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GPG Key: 1024D/61326D40 2003-09-02 James Vega <[hidden email]>

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Re: List of $<VARIABLE>s

Tony Mechelynck
In reply to this post by Mark Manning-5
On 21/11/09 20:15, Mark Manning wrote:

>
> I was wondering if there is a list anywhere on all of the $<VARIABLES>
> which VIM has.  For instance, if you do a help on $VIM (i.e.: :h $VIM)
> you get information on the $VIM variable.  But if you do the same for
> $OS you get an error.
>
> However, if you do
>
>      :echo $OS
>
> Vim comes back with what operating system you are currently running
> under.  I am sure there are more of these variables - but I can not find
> a list of them.  Thus - the question.
>
> TIA!  :-)
>
> Mark
>
> PS: I know someone's going to say "Why do you need to do this?"
> Example:  How to get the current date/time.  Mac and Linux do it one
> way, Windows does it another.  If you want to write a function that acts
> according to a given OS - you need to know the OS.  True - there are not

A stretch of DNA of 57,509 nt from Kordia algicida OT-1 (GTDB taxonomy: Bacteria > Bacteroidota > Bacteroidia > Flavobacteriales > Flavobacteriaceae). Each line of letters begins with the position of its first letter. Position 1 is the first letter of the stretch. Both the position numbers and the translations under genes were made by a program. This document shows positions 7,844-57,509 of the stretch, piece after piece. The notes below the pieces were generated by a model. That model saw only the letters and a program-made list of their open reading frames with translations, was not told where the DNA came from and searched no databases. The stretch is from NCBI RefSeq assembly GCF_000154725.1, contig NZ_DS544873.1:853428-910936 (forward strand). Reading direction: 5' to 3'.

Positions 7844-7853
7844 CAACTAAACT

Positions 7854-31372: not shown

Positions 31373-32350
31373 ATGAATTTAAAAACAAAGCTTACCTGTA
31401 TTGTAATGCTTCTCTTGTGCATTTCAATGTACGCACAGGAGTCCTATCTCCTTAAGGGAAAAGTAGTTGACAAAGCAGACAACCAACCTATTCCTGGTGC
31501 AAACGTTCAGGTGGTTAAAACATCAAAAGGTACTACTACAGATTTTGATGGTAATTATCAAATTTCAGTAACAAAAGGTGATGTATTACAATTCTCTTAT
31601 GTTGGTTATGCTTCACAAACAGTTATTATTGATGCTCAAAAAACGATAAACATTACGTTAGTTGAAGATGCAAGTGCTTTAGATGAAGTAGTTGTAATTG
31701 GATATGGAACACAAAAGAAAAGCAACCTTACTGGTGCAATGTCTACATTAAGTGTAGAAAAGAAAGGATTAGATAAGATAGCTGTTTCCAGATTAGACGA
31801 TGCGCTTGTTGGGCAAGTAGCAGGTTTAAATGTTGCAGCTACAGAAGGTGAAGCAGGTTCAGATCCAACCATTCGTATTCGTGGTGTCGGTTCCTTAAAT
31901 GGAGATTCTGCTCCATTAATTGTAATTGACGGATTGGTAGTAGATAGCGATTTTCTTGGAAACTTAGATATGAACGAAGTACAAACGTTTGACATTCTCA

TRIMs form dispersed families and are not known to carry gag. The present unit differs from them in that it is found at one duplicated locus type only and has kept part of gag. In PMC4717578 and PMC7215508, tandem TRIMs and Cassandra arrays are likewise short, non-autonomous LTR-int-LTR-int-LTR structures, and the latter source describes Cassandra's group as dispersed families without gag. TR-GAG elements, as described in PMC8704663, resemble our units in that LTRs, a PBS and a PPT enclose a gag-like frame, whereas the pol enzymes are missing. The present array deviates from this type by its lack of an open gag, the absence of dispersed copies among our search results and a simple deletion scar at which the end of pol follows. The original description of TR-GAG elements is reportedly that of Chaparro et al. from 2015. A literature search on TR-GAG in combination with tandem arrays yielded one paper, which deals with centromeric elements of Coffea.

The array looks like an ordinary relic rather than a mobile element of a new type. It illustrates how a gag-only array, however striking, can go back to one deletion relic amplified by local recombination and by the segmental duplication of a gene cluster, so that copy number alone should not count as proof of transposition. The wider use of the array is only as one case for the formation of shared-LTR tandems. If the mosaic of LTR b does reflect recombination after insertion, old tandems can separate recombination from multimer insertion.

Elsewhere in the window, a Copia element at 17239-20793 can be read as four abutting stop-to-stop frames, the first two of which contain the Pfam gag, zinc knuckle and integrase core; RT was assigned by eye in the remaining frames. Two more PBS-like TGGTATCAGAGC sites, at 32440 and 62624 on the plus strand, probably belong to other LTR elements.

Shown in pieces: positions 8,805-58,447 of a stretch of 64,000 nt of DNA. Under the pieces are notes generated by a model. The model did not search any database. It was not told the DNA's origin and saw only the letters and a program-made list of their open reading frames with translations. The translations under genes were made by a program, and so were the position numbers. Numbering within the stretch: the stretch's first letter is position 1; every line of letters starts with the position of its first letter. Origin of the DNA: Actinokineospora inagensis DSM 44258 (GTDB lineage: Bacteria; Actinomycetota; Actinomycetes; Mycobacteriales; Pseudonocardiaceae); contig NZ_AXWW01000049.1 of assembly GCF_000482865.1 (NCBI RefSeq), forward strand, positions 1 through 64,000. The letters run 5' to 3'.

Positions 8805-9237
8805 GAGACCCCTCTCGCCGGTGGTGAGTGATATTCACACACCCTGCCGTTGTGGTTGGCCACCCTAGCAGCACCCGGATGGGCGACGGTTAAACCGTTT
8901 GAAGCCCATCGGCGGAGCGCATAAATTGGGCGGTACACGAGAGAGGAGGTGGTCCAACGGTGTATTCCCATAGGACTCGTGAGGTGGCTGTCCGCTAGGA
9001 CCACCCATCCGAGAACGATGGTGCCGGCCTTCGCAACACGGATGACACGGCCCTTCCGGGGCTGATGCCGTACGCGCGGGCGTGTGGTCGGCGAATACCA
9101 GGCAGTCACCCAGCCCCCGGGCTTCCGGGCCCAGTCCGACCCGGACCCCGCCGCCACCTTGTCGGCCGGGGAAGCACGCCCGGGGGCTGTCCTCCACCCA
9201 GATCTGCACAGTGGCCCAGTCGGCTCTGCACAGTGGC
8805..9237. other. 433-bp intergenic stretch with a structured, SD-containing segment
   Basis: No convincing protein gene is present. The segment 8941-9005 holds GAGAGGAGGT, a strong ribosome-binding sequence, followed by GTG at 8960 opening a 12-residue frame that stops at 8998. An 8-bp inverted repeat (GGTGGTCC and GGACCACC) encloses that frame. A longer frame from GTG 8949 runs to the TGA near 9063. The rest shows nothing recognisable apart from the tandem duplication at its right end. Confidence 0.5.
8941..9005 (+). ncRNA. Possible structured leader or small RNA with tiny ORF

> a lot of reasons to need this, but there are sometimes when you do need
> it.  :-)

Try the following:

        :new
        :0r !set

(with a space before the exclamation mark). In some shells, including
(but not necessarily limited to) command.com, cmd.exe and bash, this
will answer your question. It should show you the environment Vim passes
to the processes it spawns, most of which it will have inherited from
whatever shell or window-manager launched it.

Another possibility (to get the names but not the values) is

        :echo $^D

where ^D means "hit Ctrl-D".


Best regards,
Tony.
--
A baby is an alimentary canal with a loud voice at one end and no
responsibility at the other.